An Experiment: WIRED on iPad, Recreated in HTML5 & CSS3

In May 2010, WIRED released the iPad edition of WIRED magazine. Currently each edition is produced using Adobe InDesign.

I decided to see if I could re-create a few of the page layouts from the “iPad Edition Free Preview” included with WIRED’s app using semantic HTML5 and CSS3.

So far I have re-created the “From the Editor” column on the first page which has a fairly simple layout. (Later, if I have time I plan to tackle the second page article which has a more complex column layout.)

Since I don’t own copies of any of the fonts WIRED uses, I made do with a couple somewhat similar but much less nice-looking fonts from Google Web Fonts.

Screen Shots of HTML5 / CSS3 Layouts:
horizontal view vertical view

View live in a new window.

(To toggle between horizontal and vertical views, click the little page icon at the top of the screen.)

NOTE: Since these layouts are intended for view within iPad, they were tested only in Safari and Firefox browsers.

(Magazine page designs, WIRED logo and WIRED magazine cover image copyright by WIRED.)


Printing Table Headers on Every Page

I recently researched how to print table headers on every page for long html tables spanning multiple pages. Following are my findings.

Results of Table Printing Tests

(Tested in IE7, Firefox 3, Chrome 12, Safari 5 and Opera 11.)

Firefox prints table headers on each page automatically as long as table is formatted with th tags wrapped in a thead and the main table content wrapped in tbody.


            <th>header 1</th>
            <th>header 2</th>
            <th>header 3</th>

            <td>content 1</td>
            <td>content 2</td>
            <td>content 3</td>

The other browsers still would not print table headers on each page however so I tried Googling a bit more and found this page:

I tried adding the following CSS styles based on those from the above page:

table {border-collapse: collapse;}

th, td {padding: 1px 8px;}

{background: #CCC;
text-align: left;}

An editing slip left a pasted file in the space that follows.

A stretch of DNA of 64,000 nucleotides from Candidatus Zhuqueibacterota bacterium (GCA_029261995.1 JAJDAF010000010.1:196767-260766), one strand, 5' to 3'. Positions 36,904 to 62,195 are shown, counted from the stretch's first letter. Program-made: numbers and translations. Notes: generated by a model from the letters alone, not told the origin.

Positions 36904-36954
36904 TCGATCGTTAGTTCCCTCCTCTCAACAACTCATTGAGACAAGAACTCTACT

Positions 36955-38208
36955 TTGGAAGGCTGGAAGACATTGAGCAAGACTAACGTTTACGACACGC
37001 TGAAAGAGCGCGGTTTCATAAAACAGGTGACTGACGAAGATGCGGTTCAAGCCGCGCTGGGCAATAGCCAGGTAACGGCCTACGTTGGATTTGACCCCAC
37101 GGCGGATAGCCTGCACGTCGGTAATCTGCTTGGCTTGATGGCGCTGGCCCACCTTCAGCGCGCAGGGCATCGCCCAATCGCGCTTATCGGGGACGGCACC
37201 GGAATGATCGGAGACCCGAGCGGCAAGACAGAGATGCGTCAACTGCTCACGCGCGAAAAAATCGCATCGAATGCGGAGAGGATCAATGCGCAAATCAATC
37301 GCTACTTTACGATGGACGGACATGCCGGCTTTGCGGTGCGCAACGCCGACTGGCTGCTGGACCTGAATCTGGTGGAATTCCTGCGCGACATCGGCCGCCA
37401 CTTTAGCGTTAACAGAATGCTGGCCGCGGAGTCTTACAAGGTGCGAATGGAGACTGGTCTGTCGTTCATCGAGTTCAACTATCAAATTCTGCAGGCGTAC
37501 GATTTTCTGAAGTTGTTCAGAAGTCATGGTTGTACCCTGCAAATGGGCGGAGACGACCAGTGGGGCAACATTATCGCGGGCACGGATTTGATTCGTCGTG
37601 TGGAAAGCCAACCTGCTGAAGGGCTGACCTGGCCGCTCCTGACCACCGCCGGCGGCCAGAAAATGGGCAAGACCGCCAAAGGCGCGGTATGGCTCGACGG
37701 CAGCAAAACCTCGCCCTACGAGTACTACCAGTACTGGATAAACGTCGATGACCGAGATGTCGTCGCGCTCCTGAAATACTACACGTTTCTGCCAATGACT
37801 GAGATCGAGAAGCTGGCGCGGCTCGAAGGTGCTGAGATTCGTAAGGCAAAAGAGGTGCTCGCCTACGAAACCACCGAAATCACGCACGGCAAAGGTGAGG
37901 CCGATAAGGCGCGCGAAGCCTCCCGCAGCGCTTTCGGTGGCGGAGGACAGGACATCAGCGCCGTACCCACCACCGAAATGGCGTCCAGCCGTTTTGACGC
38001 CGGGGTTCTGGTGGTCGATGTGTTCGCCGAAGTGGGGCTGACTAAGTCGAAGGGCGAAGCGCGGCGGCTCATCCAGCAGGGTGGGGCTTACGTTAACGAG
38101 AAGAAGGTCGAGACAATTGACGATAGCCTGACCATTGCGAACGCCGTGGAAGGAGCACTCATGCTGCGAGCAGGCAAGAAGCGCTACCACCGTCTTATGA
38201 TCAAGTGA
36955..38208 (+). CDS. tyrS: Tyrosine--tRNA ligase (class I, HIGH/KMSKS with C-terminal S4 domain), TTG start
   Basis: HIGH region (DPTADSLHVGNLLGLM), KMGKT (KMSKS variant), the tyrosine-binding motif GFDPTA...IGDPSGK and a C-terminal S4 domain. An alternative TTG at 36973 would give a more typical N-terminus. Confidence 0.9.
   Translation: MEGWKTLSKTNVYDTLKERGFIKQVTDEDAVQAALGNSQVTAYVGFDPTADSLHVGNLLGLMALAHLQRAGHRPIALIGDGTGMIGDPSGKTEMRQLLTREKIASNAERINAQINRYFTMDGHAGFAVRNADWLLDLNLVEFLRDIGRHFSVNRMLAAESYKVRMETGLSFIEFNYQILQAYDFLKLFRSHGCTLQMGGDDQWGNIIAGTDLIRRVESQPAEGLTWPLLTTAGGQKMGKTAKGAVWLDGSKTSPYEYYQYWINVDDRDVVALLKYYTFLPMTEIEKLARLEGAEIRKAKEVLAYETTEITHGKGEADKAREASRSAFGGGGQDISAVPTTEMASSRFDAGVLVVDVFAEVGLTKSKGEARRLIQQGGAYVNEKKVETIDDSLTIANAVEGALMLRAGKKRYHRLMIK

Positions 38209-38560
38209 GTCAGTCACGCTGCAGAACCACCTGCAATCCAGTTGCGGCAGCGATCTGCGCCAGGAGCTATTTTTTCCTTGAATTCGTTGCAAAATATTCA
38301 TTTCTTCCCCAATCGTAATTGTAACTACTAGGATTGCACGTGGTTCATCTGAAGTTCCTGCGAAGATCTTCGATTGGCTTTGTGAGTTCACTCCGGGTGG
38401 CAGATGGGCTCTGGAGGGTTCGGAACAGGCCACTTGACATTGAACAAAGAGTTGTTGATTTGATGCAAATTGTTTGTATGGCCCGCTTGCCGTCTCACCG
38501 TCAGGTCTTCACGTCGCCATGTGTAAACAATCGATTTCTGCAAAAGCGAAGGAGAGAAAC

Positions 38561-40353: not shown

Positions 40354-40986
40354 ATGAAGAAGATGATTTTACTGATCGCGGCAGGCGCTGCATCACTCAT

td {border-bottom: 1px solid;}

thead {display: table-header-group;}
tfoot {display: table-footer-group;}
tbody {display: table-row-group;}

After adding these styles, Table headers printed on all pages in IE7 as well as Firefox. Headers still wouldn’t print in Chrome, Safari or Opera however.

Unfortunately, it turns out this is a known bug in Webkit which Safari and Chrome use:

I couldn’t find an official bug report for Opera but so far it doesn’t appear there is currently a way to enable printing table headers on multiple pages.


So until Webkit and Opera add support for this feature, only Firefox and IE6+ enable printing table headers on every page out of the browsers I tested.

Easy Button Rollovers

A quick and easy cross-browser rollover effect for buttons. (Hover style will only work on links not on inputs for IE6.)


<a href="" class="button">Go!</a>
<input class="button" type="submit" value="Submit">


/* Sample Button Styles */
{background: blue;
border: 1px outset;
color: white;
cursor: pointer;
text-align: center;
text-decoration: none;
display: inline-block;
padding: 4px 8px;}

/* Rollover Effect */
{filter: alpha(opacity=75);
-ms-filter: "alpha(opacity=75)";
-khtml-opacity: .75;
-moz-opacity: .75
opacity: .75;}

Structuring HTML and CSS to Make your Site “Skinnable”

Basic Tips

  • Underlying HTML code structure should be semantic and clean.
  • Look for repeated patterns, identify standard chunks of content by similar function and structure. Standardize HTML tags and class names used for these elements. Think in terms of basic reusable building blocks. Try to keep HTML structure and CSS naming schemes semantically-based but include plenty of “hooks” for flexible skinning options.
  • Separate CSS styles into two main groups: layout and design. The layout styles are the default styles which will be applied to all skinnable pages. These set up the basic structure and should be bullet-proof. Extensive cross-browser testing is vital. The second group of styles sets the design or “skin”. These consist of fonts, font colors, background colors and images, etc. To change the skin, just create different skin CSS files and swap them out. Creating new skins can either be done by writing skin CSS code from scratch or set up a WYSIWYG system to apply different visual styles (backgrounds, borders, etc.) to the standard building blocks of your web page and generate a CSS file automatically.
%d bloggers like this: